First choice to integrate baseball
By William C. Kashatus In 1997, when Major League Baseball retired Jackie Robinson's No. 42 to honor his breaking the color barrier 50 years earlier, I heard Monte Irvin give a talk at Lincoln University, the historically black college where he was a three-sport athlete in the late 1930s.
By William C. Kashatus
In 1997, when Major League Baseball retired Jackie Robinson's No. 42 to honor his breaking the color barrier 50 years earlier, I heard Monte Irvin give a talk at Lincoln University, the historically black college where he was a three-sport athlete in the late 1930s.
Irvin captured the imagination of the audience with spellbinding tales from his days as a star shortstop for the Newark Eagles of the Negro Leagues and later as an outfielder for the New York Giants. But he was too modest to tell us that he, not Robinson, was the first choice of Brooklyn Dodgers general manager Branch Rickey to break the color line.
Monford Merrill Irvin, who died Jan. 11 at the age of 96, never received the full credit he deserved for integrating Major League Baseball. That was due in part to his desire for cooperation rather than controversy.
In the spring of 1945, when Rickey was searching the Negro Leagues for someone to integrate organized baseball, he insisted that the candidate be not only a gifted ballplayer but also a military veteran with a college education. Rickey believed that those three qualifications were essential if the first African American player was to earn the respect of his white teammates as well as the general public.
Irvin's credentials were impeccable. In fact, Negro League owners had even recommended Irvin to Rickey. He had already been playing in the Negro Leagues for four years, two of them under the pseudonym "Jimmy Nelson" to protect his amateur status while a student at Lincoln. During that span, the talented shortstop batted .358, played in a few all-star games, and won a batting title. He had also served in the U.S. Army for three years during World War II. Unlike other star ballplayers who were purposely kept off the battlefield, Irvin saw combat, his unit deployed to the famous Battle of the Bulge. But when the Dodgers' general manager contacted him, Irvin said that he "wasn't in playing shape" and was "struggling with a bad case of war nerves." As a result, Rickey signed Robinson.
Jackie's background raised concerns, though.
While he attended UCLA, where he was an All-American football player and track star, baseball was his worst sport and he had only played one unremarkable year in the Negro Leagues. Nor did Robinson, an Army second lieutenant during World War II, see combat. But stateside, he did repeatedly challenge the military's segregationist policies. These actions would lead to a court martial in which he was acquitted of all charges.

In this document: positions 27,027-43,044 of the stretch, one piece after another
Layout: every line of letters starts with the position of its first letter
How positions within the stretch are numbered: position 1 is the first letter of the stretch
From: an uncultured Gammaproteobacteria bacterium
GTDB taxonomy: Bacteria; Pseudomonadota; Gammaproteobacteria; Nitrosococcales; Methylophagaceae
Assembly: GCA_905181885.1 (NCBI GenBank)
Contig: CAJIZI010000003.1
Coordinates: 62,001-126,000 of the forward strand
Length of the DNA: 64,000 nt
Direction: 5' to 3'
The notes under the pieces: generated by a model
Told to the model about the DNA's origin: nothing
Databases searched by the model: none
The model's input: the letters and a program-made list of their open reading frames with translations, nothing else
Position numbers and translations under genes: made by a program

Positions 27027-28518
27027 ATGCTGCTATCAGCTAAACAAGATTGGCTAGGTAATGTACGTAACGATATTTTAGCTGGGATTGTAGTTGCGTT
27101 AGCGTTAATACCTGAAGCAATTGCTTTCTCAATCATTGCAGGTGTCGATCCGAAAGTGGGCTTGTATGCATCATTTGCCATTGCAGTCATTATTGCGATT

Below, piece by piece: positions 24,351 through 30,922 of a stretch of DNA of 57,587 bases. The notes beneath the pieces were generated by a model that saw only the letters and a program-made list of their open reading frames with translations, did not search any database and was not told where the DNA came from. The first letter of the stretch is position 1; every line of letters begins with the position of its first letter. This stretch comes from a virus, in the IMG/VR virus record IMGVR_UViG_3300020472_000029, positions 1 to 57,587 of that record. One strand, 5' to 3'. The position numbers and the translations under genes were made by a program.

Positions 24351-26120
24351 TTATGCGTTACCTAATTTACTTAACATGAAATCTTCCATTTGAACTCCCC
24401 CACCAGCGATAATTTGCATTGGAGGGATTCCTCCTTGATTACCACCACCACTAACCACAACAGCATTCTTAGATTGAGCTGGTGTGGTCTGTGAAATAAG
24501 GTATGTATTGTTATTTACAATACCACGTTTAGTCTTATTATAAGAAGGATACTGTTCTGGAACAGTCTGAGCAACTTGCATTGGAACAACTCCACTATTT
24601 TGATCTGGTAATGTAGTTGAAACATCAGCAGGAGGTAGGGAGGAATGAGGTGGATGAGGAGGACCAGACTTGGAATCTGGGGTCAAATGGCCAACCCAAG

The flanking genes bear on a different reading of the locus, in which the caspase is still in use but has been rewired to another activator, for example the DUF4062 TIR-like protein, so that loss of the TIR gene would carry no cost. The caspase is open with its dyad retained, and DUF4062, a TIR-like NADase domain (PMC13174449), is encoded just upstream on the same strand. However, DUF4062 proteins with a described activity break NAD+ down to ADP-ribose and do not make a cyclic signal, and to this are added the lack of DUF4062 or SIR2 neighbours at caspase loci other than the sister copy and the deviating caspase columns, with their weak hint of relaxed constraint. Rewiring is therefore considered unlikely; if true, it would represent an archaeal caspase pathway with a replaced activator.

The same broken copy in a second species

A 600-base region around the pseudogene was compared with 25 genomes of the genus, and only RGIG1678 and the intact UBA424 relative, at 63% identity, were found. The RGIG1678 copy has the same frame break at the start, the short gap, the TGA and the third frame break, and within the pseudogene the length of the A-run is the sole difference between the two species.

Unlike Irvin, who was easygoing and had an uncanny ability to win over others with his kindness and athletic ability, Jackie saw himself as a civil rights crusader who fought back whenever he experienced racial discrimination. In fact, Rickey worried that Robinson's confrontational personality could set the process of integration back a decade or more.
It is all the more impressive, then, that Jackie was able to control his hair-trigger temper in the face of the horrific racism he experienced during his first few years in professional baseball.
But Rickey did not forget about Irvin, who returned to the Negro Leagues and led the Eagles to a World Series title in 1946 while he captured a second batting title.
Late in 1948, Rickey signed Irvin to a minor-league contract, believing he was a free agent. But when the Eagles protested that he was still under contract, Rickey renounced his rights. In January 1949, the Eagles sold Irvin's contract to the New York Giants for $5,000, allowing him, at age 30, to enter organized baseball.
On July 8, 1949, Irvin and Hank Thompson became the first blacks to play for the Giants. Two years later, the duo formed MLB's first all-black outfield when they teamed with young phenom Willie Mays. Irvin helped pace the Giants to two National League pennants (1951, 1954) and a World Series title in 1954, completing a nine-year major-league career with a .293 average, 99 homers, 443 RBIs, and 366 runs scored. His greatest contribution, though, was mentoring a score of younger African American players in the early years of integration, including Roy Campanella and Don Newcombe of the Dodgers; Sam Jethroe and Hank Aaron of the Boston/Milwaukee Braves; Ernie Banks of the Chicago Cubs; and Giants teammates Thompson and Mays, who considered Irvin a "second father."
Near the end of his life, I asked Irvin if he thought he would have been successful if he had been chosen to break the color line.
"I think I could've done the job," said the former Giant, who was inducted into baseball's Hall of Fame in 1973. "I grew up in an integrated situation. I had the type of personality that could handle any situation because I wasn't hung up on race. I also had a fair amount of education and some talent. I would've done it differently than Jackie, but I would've been successful."
Irvin became MLB's first black executive in 1968, when he was hired as a special assistant to the commissioner to promote a game that had once barred him because of his race. In that capacity, he successfully opened the Hall of Fame to other worthy Negro League stars.
William C. Kashatus is the author of "Jackie and Campy: The Untold Story of Their Rocky Relationship and Breaking Baseball's Color Line." firstname.lastname@example.org